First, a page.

184. 184.
    Li W, Jia M, Qin X, Hu J, Zhang X, Zhou G. Harmful effect of ERbeta on BCRP-mediated drug resistance and cell proliferation in ERalpha/PR-negative breast cancer. FEBS J. 2013;280:6128–40.PubMedCrossRefGoogle Scholar
  185. 185.
    Imai Y, Ishikawa E, Asada S, Sugimoto Y. Estrogen-mediated post transcriptional down-regulation of breast cancer resistance protein/ABCG2. Cancer Res. 2005;65:596–604.PubMedCrossRefGoogle Scholar
  186. 186.
    Wang H, Zhou L, Gupta A, Vethanayagam RR, Zhang Y, Unadkat JD, et al. Regulation of BCRP/ABCG2 expression by progesterone and 17beta-estradiol in human placental BeWo cells. Am J Physiol Endocrinol Metab. 2006;290:E798–807.PubMedCrossRefGoogle Scholar
  187. 187.
    Hartz AM, Mahringer A, Miller DS, Bauer B. 17-beta-Estradiol: a powerful modulator of blood–brain barrier BCRP activity. J Cereb Blood Flow Metab. 2010;30:1742–55.PubMedCentralPubMedCrossRefGoogle Scholar
  188. 188.
    Wu X, Zhang X, Sun L, Zhang H, Li L, Wang X, et al. Progesterone negatively regulates BCRP in progesterone receptor-positive human breast cancer cells. Cell Physiol Biochem. 2013;32:344–54.PubMedCrossRefGoogle Scholar
  189. 189.
    Pradhan M, Bembinster LA, Baumgarten SC, Frasor J. Proinflammatory cytokines enhance estrogen-dependent expression of the multidrug transporter gene ABCG2 through estrogen receptor and NF{kappa}B cooperativity at adjacent response elements. J Biol Chem. 2010;285:31100–6.PubMedCentralPubMedCrossRefGoogle Scholar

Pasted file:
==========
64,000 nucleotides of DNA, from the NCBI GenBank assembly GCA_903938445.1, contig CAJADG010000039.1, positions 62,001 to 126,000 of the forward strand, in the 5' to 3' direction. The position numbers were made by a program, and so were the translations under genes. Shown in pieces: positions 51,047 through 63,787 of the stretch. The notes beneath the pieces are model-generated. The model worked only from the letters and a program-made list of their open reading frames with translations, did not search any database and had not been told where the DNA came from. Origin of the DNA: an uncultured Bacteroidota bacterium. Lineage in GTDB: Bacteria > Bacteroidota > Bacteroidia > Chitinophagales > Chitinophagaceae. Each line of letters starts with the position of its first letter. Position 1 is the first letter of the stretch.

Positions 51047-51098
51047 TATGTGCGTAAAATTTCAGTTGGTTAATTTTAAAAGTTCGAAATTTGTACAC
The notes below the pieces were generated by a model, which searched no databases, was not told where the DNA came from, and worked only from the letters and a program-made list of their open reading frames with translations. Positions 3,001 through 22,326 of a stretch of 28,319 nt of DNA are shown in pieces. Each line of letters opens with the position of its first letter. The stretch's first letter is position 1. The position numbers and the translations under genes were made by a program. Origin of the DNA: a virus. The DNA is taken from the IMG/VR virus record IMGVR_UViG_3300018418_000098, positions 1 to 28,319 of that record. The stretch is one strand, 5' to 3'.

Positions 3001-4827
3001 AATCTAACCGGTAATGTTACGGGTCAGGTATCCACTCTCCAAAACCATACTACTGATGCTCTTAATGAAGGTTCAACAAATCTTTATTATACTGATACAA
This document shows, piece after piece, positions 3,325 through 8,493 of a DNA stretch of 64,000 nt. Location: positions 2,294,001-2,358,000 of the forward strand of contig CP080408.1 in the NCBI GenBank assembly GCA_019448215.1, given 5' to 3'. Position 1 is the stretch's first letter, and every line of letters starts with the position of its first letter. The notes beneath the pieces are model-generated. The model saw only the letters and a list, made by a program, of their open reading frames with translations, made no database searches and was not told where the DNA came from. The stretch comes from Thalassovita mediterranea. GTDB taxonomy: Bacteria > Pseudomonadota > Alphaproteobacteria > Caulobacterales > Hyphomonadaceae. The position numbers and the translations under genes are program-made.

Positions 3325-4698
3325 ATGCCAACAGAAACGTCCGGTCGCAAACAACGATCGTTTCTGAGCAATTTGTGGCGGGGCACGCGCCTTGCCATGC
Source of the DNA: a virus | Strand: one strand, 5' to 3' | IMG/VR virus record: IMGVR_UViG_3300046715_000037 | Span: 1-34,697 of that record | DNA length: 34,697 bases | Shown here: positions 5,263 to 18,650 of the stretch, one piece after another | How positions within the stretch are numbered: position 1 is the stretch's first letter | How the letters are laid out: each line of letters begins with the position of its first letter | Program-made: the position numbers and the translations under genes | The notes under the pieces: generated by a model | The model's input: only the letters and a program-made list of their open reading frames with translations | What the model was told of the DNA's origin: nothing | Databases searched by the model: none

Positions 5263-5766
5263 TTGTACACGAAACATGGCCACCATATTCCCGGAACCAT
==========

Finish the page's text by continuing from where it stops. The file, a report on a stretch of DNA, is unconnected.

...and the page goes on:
190. 190.
    Turner JG, Gump JL, Zhang C, Cook JM, Marchion D, Hazlehurst L, et al. ABCG2 expression, function, and promoter methylation in human multiple myeloma. Blood. 2006;108:3881–9.PubMedCentralPubMedCrossRefGoogle Scholar
  191. 191.
    To KK, Zhan Z, Bates SE. Aberrant promoter methylation of the ABCG2 gene in renal carcinoma. Mol Cell Biol. 2006;26:8572–85.PubMedCentralPubMedCrossRefGoogle Scholar
  192. 192.
    To KK, Zhan Z, Litman T, Bates SE. Regulation of ABCG2 expression at the 3′ untranslated region of its mRNA through modulation of transcript stability and protein translation by a putative microRNA in the S1 colon cancer cell line. Mol Cell Biol. 2008;28:5147–61.PubMedCentralPubMedCrossRefGoogle Scholar
  193. 193.
    To KK, Robey RW, Knutsen T, Zhan Z, Ried T, Bates SE. Escape from hsa-miR-519c enables drug-resistant cells to maintain high expression of ABCG2. Mol Cancer Ther. 2009;8:2959–68.PubMedCentralPubMedCrossRefGoogle Scholar
  194. 194.
    Wang F, Xue X, Wei J, An Y, Yao J, Cai H, et al. hsa-miR-520h downregulates ABCG2 in pancreatic cancer cells to inhibit migration, invasion, and side populations. Br J Cancer. 2010;103:567–74.PubMedCentralPubMedCrossRefGoogle Scholar
  195. 195.
    Pan YZ, Morris ME, Yu AM. MicroRNA-328 negatively regulates the expression of breast cancer resistance protein (BCRP/ABCG2) in human cancer cells. Mol Pharmacol. 2009;75:1374–9.PubMedCentralPubMedCrossRefGoogle Scholar
  196. 196.
    Xie Y, Xu K, Linn DE, Yang X, Guo Z, Shimelis H, et al. The 44-kDa Pim-1 kinase phosphorylates BCRP/ABCG2 and thereby promotes its multimerization and drug-resistant activity in human prostate cancer cells. J Biol Chem. 2008;283:3349–56.PubMedCrossRefGoogle Scholar
  197. 197.
    Peng H, Qi J, Dong Z, Zhang JT. Dynamic vs static ABCG2 inhibitors to sensitize drug resistant cancer cells. PLoS One. 2010;5:e15276.PubMedCentralPubMedCrossRefGoogle Scholar

Copyright information

© American Association of Pharmaceutical Scientists 2014

Authors and Affiliations

  1. 1.Department of Pharmaceutics, School of PharmacyUniversity of WashingtonSeattleUSA

Personalised recommendations